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The changing nature of work and what this means for brands

The changing nature of work and what this means for brands

Mathew Weiss

Managing Director

Superunion Africa




The new ways Millennials consume products and services has helped fuel the rise of the world’s most innovative and rapidly growing companies. Empowered by technology, Millennials want convenience (mPesa), value and experiences (Airbnb, Uber), prefer access over ownership (Netflix, Spotify) and place enormous value on community and connections (Facebook, Instagram).


This cohort is also changing the way we work. Many are eschewing traditional corporates and preferring to go it alone. Entrepreneurship and freelancing are flourishing, with the latter growing three times faster than the traditional workforce. Technology makes it simple to connect and work with people from anywhere in the world from the relative freedom of your local coffee shop. Never has there been more kudos in starting your own company. The idea that you either live to work, or work to live is increasingly outdated. Millennials want work and life to be integrated, enjoyable and meaningful.


With these changing attitudes comes a new set of expectations that not only affects employers but is also changing the way brands target this enormous and upwardly mobile audience. From banks – offering financial products, to entrepreneurs and small businesses, to retailers - selling work-life ‘tools’, to property developers - providing the physical spaces to facilitate work, they all need to be cognizant of, and respond to, the changing expectations of these consumers.


Standard Bank’s Purple (in Beta phase) developed an offering that ‘collaborates’ with entrepreneurs and the people who support them. Purple pinpointed the special relationship that an entrepreneur has with their accountant as an area where Purple could make a difference. They developed products that show an understanding of the problems that accountant try to solve in order to make the entrepreneur successful. To ensure meaningfulness, entrepreneurs and accountants were also invited to co-create these solutions.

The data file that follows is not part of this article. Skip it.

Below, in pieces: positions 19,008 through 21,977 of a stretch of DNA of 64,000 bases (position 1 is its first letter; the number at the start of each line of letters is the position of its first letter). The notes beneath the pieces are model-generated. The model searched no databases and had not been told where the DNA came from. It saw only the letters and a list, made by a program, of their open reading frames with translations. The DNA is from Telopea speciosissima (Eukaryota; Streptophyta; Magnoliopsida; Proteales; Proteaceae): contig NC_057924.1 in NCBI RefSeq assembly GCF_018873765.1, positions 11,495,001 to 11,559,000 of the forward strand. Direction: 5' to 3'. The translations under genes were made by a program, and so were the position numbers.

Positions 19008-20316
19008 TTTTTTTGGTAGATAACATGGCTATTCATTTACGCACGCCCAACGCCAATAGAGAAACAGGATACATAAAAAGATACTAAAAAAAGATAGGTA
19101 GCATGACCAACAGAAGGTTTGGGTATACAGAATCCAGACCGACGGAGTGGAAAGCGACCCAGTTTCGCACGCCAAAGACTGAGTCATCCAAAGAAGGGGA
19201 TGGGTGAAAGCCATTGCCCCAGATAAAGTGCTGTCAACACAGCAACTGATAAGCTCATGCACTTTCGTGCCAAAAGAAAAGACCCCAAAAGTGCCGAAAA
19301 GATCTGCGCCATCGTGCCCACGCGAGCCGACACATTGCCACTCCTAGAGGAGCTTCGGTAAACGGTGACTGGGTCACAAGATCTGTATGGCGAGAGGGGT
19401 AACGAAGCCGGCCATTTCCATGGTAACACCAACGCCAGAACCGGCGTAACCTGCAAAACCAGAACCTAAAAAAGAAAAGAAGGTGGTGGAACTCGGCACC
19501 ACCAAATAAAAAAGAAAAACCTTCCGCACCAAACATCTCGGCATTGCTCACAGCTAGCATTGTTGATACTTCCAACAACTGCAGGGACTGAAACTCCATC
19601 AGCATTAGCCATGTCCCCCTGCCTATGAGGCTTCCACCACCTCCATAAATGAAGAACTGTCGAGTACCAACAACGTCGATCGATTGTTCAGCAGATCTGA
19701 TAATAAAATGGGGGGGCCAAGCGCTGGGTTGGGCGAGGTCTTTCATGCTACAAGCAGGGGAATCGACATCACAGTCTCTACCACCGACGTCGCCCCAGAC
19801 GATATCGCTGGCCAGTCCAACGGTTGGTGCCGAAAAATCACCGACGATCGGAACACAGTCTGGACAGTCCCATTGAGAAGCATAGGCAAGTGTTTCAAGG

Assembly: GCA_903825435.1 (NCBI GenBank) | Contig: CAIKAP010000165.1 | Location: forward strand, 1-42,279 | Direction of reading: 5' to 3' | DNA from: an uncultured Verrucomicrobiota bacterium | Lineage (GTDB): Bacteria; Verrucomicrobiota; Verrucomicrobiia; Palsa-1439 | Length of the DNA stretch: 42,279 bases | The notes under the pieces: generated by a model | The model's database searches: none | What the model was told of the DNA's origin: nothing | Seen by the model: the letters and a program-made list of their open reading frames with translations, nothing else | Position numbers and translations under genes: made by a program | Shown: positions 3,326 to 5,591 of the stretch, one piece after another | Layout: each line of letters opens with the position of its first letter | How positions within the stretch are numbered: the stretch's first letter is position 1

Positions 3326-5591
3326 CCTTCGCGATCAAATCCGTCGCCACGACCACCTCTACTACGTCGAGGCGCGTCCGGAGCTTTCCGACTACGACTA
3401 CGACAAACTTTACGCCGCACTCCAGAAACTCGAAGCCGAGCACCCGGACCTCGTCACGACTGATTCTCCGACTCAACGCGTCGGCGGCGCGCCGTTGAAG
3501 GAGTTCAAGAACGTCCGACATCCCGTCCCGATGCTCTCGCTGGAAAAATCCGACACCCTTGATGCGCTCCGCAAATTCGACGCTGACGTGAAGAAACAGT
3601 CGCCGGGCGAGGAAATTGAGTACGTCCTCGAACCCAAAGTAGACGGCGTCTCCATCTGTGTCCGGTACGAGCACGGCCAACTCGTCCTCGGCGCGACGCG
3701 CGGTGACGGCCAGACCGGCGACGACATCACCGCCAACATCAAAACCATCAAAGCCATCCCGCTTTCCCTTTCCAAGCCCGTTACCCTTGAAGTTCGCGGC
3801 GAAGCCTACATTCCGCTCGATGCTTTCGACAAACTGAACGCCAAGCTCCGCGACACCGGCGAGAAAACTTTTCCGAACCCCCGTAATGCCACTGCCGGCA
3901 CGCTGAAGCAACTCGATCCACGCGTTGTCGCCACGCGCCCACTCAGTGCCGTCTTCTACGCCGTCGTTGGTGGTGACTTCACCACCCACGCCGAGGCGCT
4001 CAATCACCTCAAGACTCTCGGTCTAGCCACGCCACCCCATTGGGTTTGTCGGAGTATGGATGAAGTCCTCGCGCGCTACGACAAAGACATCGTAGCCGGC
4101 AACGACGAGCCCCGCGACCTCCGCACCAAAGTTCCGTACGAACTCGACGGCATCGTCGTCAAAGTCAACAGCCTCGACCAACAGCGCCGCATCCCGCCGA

We are also seeing new collaborative workspaces replacing traditional offices. WeWork says it ‘creates high energy, collaborative office communities that are responsive to the needs of this mobile and creative workforce’.  Through the combination of cool, innovative environments, support services and a digitally enabled community allow independent businesses to enjoy the benefits of scale without the cost and complexity. While WeWork was originally targeted at micro businesses, they are starting to attract employees from large corporates who see the benefits of working in these environments. Landlords are going to have to think very differently about how they design the offices of the future.


So, what are the implications for brands and employers that want to build strong appeal and loyalty with this Millennial class in work mode?